For those with a long enough memory, none of these recent developments should come as a surprise. As long ago as 2004, economist James Dean and I argued, and as I summarized for Mint readers much later (“Will the elephant overshadow the dragon?”, Economics Express, 5 March 2015 ), that the Chinese model is characterized by the glaring contradiction between ever-increasing economic freedoms and an authoritarian political dispensation. What is more, the economic development paradigm of the Chinese Communist authorities was focussed on an infrastructure-driven, “build and they will come” model, in sharp contrast to, say, the Indian model, in which the supply of new infrastructure is driven by the demand for it, rather than the reverse.

The consequence, as Dean and I argued in 2004, was a Chinese development success story that was something of a house of cards, and built upon excessive investment, including in housing — what the Austrian school of economics would call “malinvestment”. Chinese growth statistics would, therefore, in an important sense be inflated: after all, if the economy grows rapidly because of a stock of property and infrastructure that ultimately will never be put to use, and which leads to the accumulation of large debts, such rapid growth may be unsustainable and, in a certain sense, illusory.

Up until now, China sceptics, including your columnist, have been confounded by the reality that successive generations of the Chinese leadership have shown a remarkable ability to continue to refresh and reinvent their model — both economic and political — thus ensuring that growth rates remain high and that the spectre of social chaos and unrest remains at bay. Every Chinese leader since Deng Xiaoping and his pioneering reforms of the late 1970s have managed to maintain the unwritten but all-important bargain with the populace: “we will give the you the opportunity to get rich, and the price is that you must stay out of politics”. But perhaps, just perhaps, the chickens may finally have come home to roost on the watch of authoritarian strongman, Xi Jinping — what, writing in 2015, I had reckoned might be an “implosion” in the Chinese economy or  a “belated and disorderly democratization” of the society.

What might make this time different is that, in the past few years, Xi has begun to rewrite the unwritten social compact, and increase government and party control over the economy, and reign in what he clearly believes is an excessively free and insufficiently regulated market economy, undoing the premise of Deng’s reforms. He has also been, first quietly, now overtly, building a cult of personality to match that around Mao. If the economy, and the public mood, sour, Xi may end up ruing these choices.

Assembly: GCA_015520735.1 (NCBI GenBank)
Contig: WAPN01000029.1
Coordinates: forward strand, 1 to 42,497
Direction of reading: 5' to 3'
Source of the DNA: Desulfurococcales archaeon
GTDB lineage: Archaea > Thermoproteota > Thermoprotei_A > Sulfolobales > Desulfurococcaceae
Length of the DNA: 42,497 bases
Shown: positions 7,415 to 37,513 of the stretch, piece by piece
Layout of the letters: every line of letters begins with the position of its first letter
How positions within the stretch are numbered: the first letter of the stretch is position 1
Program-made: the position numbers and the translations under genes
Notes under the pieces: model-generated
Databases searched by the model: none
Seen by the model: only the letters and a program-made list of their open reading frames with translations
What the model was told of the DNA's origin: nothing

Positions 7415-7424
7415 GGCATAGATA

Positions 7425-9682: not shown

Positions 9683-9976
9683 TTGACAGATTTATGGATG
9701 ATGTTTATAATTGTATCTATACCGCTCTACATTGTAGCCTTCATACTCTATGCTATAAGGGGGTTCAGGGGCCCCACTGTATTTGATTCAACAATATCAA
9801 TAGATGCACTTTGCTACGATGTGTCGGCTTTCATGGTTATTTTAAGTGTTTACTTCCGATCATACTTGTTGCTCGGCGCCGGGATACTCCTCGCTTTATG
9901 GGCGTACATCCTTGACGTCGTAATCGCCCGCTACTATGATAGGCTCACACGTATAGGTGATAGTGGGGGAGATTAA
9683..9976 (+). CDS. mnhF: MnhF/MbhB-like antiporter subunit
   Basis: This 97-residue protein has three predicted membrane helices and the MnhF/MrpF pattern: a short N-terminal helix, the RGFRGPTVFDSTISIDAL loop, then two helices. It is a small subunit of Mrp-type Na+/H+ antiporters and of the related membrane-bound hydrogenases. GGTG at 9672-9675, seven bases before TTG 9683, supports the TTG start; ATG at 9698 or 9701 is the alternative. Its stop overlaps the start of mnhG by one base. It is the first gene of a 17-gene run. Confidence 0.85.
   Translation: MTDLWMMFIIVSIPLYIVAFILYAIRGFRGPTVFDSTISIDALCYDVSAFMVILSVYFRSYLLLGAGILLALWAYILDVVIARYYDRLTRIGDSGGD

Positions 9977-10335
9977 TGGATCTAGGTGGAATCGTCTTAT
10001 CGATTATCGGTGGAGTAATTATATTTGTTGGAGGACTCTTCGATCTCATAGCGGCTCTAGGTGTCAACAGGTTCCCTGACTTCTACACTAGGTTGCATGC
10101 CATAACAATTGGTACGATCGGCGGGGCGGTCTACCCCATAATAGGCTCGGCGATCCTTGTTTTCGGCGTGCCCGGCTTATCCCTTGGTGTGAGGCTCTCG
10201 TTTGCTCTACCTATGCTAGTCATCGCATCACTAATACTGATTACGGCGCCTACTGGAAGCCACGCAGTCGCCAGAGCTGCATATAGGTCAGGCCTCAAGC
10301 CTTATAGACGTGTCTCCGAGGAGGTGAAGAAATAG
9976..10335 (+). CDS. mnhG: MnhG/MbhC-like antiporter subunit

Vivek Dehejia is associate professor of economics and philosophy at Carleton University in Ottawa, Canada.

Friday, September 17, 2021

My latest column analyses the Canadian election campaign.

Trudeau has taken a gamble in calling an early election

On 20th September, Canadians go to the polls, in an election that no one much wanted, except for incumbent Prime Minister Justin Trudeau of the Liberal Party. At the helm of a minority government since 2019, Trudeau called an election two years early, in the hopes of capitalizing on Canada’s successful vaccination campaign to entice the voters into returning his government with a majority.

The snap election, in the midst of a burgeoning fourth wave of the still ongoing COVID19 pandemic, has been much criticized, but, according to Canadian law, the head of state, Governor General Mary Simon, did not have any choice but to grant Trudeau’s dissolution request and drop the election writ. This was even despite Trudeau’s minority government not having been defeated in a confidence vote, and therefore still enjoying the confidence of the House of Commons.

As your columnist has noted on previous occasions, Canada’s brand of the Westminster model gives almost unlimited power to an incumbent prime minister, much more than the power enjoyed by his or her counterpart in the United Kingdom or in India. The prime minister not only appoints the head of state but members of the Supreme Court, as well as filling any vacancies in the Senate, the unelected upper house of Parliament. This would be akin to a Prime Minister of India appointing the President, appointing members of the Rajya Sabha, as well as the Supreme Court. Likewise, in the U.K. and India, an incumbent prime minister has only limited ability to change the normal electoral calendar — which in India is decided by the Election Commission and in the U.K. is governed by the Fixed-Term Parliament Act. Canada, in theory, also has a fixed term law, but it is essentially toothless, and, in effect, only puts an upper limit on the lifespan of a government, rather than preventing a prime minister from opportunistically calling an early election midway through the government’s mandate.